Article

Guy Bourligueux

(b Astigarraga, Guipúzcoa, 1893; d Seville, Dec 7, 1970). Spanish composer and organist. He studied with Donostia and others in San Sebastián, with Otaño at the Comillas Seminary, and in Paris with Eugène Cools. In 1919 he was appointed maestro de capilla at Orense Cathedral and then organist at Seville Cathedral, where he became ...

Article

Karl-Ernst Bergunder

(b Alach, nr Erfurt, May 27, 1584; d Erfurt, Feb 12, 1640). German composer. He was sent to school at Erfurt in 1590 and went on to study theology at the university there in 1598, gaining the bachelor’s degree in 1599 and the master’s degree in 1603. He taught at Erfurt from 1600, beginning at the Reglerschule; from 1601 he was Kantor at St Andreas and from 1607 was also rector of the school connected with it. He abandoned teaching in 1609 and became a pastor: he worked in the parishes of Ilversgehofen and Marbach, near Erfurt, until 1610 and then moved to Tröchtelborn, near Gotha, where he stayed until 1621 and was probably also Kantor. He published most of his music during these years. He was likened to Orlande de Lassus as an ‘Orlandus Thuringiae’ and he himself was conscious of living at a time of great musical activity: as he wrote in the preface to his ...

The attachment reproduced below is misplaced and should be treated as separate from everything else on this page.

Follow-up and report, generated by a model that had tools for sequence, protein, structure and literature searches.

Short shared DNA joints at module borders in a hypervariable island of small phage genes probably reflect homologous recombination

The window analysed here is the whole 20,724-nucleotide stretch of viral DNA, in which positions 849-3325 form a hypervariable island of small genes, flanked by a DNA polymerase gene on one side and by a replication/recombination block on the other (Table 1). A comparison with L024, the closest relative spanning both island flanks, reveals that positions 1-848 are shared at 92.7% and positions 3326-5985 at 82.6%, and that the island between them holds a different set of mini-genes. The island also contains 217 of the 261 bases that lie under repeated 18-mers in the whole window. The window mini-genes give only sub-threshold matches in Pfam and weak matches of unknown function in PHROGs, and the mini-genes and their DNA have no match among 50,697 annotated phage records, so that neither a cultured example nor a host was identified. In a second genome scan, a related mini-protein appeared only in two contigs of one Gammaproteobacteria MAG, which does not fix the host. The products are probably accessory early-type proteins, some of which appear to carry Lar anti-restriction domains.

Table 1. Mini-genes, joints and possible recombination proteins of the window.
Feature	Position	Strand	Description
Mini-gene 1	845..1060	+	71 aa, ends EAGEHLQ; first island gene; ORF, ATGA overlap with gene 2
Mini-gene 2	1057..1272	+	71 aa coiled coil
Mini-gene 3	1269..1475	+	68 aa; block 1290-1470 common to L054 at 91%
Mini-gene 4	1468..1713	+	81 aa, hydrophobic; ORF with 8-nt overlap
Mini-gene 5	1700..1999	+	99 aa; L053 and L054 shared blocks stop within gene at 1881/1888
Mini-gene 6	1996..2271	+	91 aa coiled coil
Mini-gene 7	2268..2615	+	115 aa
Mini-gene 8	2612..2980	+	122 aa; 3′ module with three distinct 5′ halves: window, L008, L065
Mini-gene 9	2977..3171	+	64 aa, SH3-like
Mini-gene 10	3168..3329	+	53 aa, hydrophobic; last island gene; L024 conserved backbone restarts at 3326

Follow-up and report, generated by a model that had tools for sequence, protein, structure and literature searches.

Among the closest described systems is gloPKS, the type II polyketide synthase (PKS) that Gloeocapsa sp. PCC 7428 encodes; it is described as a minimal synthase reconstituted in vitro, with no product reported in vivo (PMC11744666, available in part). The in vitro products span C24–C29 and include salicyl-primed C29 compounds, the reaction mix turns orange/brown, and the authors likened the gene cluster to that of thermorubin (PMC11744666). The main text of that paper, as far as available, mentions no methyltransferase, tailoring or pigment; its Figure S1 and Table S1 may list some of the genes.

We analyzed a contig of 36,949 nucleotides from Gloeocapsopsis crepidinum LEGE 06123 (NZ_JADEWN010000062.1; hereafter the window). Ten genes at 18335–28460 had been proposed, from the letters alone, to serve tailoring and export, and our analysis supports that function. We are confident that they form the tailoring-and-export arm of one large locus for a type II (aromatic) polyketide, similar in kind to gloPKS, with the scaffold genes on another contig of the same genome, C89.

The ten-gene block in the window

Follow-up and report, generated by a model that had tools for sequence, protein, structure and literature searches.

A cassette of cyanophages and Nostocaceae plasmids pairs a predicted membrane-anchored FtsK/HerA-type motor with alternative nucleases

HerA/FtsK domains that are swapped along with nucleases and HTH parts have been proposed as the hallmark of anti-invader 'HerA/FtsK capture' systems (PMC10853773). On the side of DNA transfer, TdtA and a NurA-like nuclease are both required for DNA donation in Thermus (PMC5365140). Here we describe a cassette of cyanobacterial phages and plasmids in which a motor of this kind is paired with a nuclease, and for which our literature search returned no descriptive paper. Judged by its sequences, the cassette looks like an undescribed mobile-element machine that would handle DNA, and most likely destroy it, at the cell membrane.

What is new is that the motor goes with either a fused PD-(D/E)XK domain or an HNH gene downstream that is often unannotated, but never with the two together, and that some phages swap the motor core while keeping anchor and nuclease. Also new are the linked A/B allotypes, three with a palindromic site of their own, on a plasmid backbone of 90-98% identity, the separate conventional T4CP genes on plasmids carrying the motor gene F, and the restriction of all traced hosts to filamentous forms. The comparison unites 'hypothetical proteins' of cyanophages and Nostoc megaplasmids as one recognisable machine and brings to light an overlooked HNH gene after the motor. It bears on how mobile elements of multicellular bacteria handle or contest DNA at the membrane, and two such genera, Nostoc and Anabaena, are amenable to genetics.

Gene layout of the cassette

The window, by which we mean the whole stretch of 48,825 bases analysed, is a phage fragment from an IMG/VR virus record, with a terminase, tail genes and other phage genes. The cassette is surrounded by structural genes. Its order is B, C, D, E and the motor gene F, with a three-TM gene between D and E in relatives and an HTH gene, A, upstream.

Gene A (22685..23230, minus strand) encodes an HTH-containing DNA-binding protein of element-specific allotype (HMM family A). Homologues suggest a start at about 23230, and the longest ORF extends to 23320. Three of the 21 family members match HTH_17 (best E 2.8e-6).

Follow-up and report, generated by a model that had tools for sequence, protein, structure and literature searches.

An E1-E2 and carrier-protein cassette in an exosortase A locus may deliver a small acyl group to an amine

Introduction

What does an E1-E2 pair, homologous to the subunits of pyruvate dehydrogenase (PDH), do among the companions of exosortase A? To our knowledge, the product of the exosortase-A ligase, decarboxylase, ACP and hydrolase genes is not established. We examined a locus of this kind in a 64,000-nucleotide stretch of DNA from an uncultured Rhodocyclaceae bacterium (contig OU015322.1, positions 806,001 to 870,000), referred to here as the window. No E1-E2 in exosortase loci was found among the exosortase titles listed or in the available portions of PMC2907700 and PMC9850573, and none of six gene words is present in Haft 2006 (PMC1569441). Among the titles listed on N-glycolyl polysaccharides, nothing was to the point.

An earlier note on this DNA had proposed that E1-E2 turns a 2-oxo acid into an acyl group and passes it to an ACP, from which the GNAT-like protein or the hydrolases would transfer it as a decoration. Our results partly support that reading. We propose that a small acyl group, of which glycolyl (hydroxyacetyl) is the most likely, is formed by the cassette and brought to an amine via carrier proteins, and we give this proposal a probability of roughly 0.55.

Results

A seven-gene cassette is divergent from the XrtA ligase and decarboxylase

Article

Bernarr Rainbow

(b Norwich, Aug 15, 1836; d Durham, Feb 10, 1908). English cathedral organist, teacher and composer. After training as a chorister at Norwich Cathedral (1846–8) and at Rochester Cathedral (1848–50) Armes became pupil-assistant to J.L. Hopkins at Rochester (1850–56). He was subsequently organist of Trinity Church, Gravesend (1855–7), St Andrew’s, Wells Street, London (1857–61), Chichester Cathedral (1861–2) and Durham Cathedral (1862–1907). He took the Oxford BMus in 1858 and DMus in 1864. He was resident examiner in music at the University of Durham from 1890 and became its first professor in 1897; he was examiner at Oxford from 1894. During the 1880s Armes collated and indexed the four sets of manuscript partbooks surviving at Durham. These contained the service music together with separate organ parts of a wide repertory from Tallis to Purcell, formerly used in the cathedral. He composed three oratorios, various anthems, services and other church music....

Article

Jonas Westover